7:40pm Wednesday 11th September 2013
By Tarik Al Rasheed
THE Stroke Association says patients are getting a better service since stroke services were centralised at Worcestershire Royal Hospital.
The change came into effect in July, when stroke beds in the north of the county were closed down in favour of an enhanced operation in Worcester.
And commissioners say that, although it is still early days, they believe the new service is working and will help to save lives and prevent disabilities.
This week Bernice Jones, deputy head of operations at the Stroke Association, said the charity was fully behind the changes that have taken place.
“I am fully supportive of any improvements, particularly at the acute end of things for people having a stroke and stroke survivors,” she said. “Centralising is something that we support and in Worcestershire we have been fully supportive of it and expressed that.
“People want 24/7 services, even if they have to travel a bit further. “Sometimes people don’t like to think about travelling further but if it means they get 24/7 services then that is obviously an improvement.”
The stroke unit at Worcestershire Royal has been expanded to provide an acute stroke ward, two additional specialised consultants, a dedicated nursing team and consolidated support from physiotherapists, dieticians, occupational therapists and speech and language therapists.
Carl Ellson, chief clinical officer for South Worcestershire Clinical Commissioning Group, said the moves allows for more complete care. “We know that people are more likely to survive, make a better recovery and spend less time in hospital if they are admitted directly to a high quality stroke unit and receive specialist care,” he said.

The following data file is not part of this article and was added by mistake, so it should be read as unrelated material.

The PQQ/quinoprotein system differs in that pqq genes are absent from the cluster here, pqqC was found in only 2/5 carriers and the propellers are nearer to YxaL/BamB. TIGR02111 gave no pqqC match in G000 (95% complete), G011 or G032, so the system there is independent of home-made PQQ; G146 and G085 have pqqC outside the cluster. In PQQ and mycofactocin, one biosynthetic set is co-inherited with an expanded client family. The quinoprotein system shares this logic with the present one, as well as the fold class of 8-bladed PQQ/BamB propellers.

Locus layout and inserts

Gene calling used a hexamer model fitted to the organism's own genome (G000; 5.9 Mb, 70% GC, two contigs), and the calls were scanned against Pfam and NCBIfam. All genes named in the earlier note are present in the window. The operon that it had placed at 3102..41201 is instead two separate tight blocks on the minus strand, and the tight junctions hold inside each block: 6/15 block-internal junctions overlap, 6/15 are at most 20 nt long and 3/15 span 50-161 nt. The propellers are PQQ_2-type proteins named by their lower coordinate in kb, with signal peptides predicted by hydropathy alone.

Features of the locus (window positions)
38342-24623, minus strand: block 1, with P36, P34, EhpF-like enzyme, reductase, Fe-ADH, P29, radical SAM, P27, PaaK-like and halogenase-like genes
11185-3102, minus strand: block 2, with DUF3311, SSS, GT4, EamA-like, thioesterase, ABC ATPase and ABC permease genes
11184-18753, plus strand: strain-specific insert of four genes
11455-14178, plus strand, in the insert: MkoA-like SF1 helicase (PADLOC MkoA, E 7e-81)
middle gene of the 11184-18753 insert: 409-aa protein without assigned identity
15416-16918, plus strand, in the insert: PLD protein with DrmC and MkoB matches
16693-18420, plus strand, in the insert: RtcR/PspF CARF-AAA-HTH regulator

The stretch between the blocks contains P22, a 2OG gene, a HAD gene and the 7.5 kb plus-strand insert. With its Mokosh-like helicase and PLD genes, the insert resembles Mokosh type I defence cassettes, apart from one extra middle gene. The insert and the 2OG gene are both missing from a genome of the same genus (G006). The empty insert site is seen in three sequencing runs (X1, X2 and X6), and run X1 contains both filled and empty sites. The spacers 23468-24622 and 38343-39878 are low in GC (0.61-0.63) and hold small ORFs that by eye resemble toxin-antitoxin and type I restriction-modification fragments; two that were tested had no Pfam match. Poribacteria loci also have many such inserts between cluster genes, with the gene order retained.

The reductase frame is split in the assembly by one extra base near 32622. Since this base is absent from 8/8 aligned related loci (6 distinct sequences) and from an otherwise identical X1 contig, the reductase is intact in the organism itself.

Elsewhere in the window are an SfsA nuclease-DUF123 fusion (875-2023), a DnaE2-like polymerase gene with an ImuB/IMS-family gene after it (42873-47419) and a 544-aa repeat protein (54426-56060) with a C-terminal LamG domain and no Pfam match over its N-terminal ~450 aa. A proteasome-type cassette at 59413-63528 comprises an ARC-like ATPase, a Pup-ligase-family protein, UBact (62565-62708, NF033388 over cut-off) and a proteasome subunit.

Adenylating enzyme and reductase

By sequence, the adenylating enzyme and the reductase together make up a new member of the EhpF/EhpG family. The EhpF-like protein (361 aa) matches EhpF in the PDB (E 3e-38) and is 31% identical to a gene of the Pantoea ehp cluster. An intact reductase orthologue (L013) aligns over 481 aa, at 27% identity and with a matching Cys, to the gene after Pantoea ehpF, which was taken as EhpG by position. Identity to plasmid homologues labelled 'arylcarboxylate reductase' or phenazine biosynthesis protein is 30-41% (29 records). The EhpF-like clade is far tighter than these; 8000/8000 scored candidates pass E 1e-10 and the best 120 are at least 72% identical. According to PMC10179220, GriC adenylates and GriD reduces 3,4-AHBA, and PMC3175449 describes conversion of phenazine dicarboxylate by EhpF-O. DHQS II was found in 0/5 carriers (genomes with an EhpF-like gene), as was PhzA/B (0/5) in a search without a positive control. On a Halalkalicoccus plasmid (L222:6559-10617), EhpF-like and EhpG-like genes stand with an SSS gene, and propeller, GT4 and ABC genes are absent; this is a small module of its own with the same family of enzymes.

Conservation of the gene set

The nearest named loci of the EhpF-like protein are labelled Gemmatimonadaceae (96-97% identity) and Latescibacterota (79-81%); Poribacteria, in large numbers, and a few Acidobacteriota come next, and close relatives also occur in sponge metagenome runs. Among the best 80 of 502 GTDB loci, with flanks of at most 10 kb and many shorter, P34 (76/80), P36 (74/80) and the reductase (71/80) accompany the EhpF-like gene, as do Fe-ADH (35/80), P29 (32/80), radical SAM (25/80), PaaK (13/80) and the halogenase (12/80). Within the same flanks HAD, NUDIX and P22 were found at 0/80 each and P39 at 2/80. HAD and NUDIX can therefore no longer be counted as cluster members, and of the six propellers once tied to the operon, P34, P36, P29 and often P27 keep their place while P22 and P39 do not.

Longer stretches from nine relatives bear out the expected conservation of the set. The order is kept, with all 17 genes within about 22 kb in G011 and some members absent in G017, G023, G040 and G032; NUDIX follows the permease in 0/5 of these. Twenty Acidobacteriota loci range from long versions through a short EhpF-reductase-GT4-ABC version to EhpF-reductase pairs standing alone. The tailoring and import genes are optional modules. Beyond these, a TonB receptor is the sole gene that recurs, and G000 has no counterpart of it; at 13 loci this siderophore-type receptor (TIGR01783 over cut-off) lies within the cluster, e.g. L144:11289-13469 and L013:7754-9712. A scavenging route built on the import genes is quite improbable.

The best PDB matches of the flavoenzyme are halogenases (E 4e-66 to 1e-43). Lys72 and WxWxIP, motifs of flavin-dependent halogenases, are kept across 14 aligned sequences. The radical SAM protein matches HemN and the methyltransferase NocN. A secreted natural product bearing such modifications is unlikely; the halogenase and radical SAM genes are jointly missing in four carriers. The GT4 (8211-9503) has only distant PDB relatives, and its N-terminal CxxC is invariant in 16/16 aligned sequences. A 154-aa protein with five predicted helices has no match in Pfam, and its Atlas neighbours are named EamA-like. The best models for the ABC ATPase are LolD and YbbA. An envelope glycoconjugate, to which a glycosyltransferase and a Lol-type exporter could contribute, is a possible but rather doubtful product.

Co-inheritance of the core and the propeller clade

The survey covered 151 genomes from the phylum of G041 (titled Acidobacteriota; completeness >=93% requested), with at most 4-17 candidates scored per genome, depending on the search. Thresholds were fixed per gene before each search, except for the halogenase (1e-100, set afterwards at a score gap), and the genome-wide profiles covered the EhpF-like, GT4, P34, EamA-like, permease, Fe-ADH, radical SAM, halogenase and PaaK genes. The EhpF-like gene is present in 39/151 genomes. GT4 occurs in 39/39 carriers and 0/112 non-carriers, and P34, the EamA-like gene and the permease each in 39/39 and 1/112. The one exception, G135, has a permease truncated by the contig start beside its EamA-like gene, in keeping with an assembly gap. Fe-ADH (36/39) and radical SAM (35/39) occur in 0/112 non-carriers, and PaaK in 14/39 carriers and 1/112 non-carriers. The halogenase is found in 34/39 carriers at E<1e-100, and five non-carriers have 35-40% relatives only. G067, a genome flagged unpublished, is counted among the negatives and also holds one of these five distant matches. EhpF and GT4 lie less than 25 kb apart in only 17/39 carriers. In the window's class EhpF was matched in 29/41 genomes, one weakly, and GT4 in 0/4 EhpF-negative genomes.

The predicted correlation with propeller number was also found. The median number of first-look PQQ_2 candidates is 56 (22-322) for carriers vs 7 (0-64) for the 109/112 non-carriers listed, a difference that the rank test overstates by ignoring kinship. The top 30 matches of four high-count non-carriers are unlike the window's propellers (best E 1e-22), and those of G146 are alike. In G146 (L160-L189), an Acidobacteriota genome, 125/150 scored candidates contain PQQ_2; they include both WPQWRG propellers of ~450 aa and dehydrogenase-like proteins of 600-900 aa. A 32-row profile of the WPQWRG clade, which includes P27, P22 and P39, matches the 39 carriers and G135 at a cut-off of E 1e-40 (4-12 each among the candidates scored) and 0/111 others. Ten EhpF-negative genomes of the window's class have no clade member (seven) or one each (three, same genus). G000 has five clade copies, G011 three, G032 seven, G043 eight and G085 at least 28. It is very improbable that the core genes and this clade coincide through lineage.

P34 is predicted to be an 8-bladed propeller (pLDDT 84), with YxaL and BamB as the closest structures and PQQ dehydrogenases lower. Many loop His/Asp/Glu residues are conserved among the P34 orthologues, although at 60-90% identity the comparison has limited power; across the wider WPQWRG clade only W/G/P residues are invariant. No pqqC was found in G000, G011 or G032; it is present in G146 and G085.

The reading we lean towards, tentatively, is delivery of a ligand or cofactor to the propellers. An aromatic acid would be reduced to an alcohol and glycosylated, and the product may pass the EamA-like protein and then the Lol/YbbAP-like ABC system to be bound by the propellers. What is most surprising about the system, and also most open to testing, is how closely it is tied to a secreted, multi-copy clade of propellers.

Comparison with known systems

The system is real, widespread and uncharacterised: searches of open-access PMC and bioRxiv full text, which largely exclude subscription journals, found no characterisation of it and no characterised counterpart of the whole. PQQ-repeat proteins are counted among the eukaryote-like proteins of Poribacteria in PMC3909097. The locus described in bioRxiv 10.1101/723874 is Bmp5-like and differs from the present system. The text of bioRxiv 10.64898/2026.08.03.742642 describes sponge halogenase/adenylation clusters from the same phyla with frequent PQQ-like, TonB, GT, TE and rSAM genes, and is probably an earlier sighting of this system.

Work is still ongoing to further improve the county’s stroke rehabilitation services but Mrs Jones said what was already in place was of a very good level.
“Worcestershire really does have excellent community rehabilitation for stroke survivors,” she said.
But she also said that she would like to see more communication between patients and GPs and more ongoing emotional support for people recovering from strokes.
Peter Pinfield, chairman of new health watchdog Healthwatch Worcestershire, has been watching developments closely and is pleased with what he has seen.
“This is a really big change for Worcestershire in terms of what we were doing two years ago when we had some real difficulties across the county,” he said. “It is very early days but our soft intelligence says people welcome the move. “They would rather have the best quality service in one place.
“I suppose the test will be if we improve on the death rates and lose less lives to it.”
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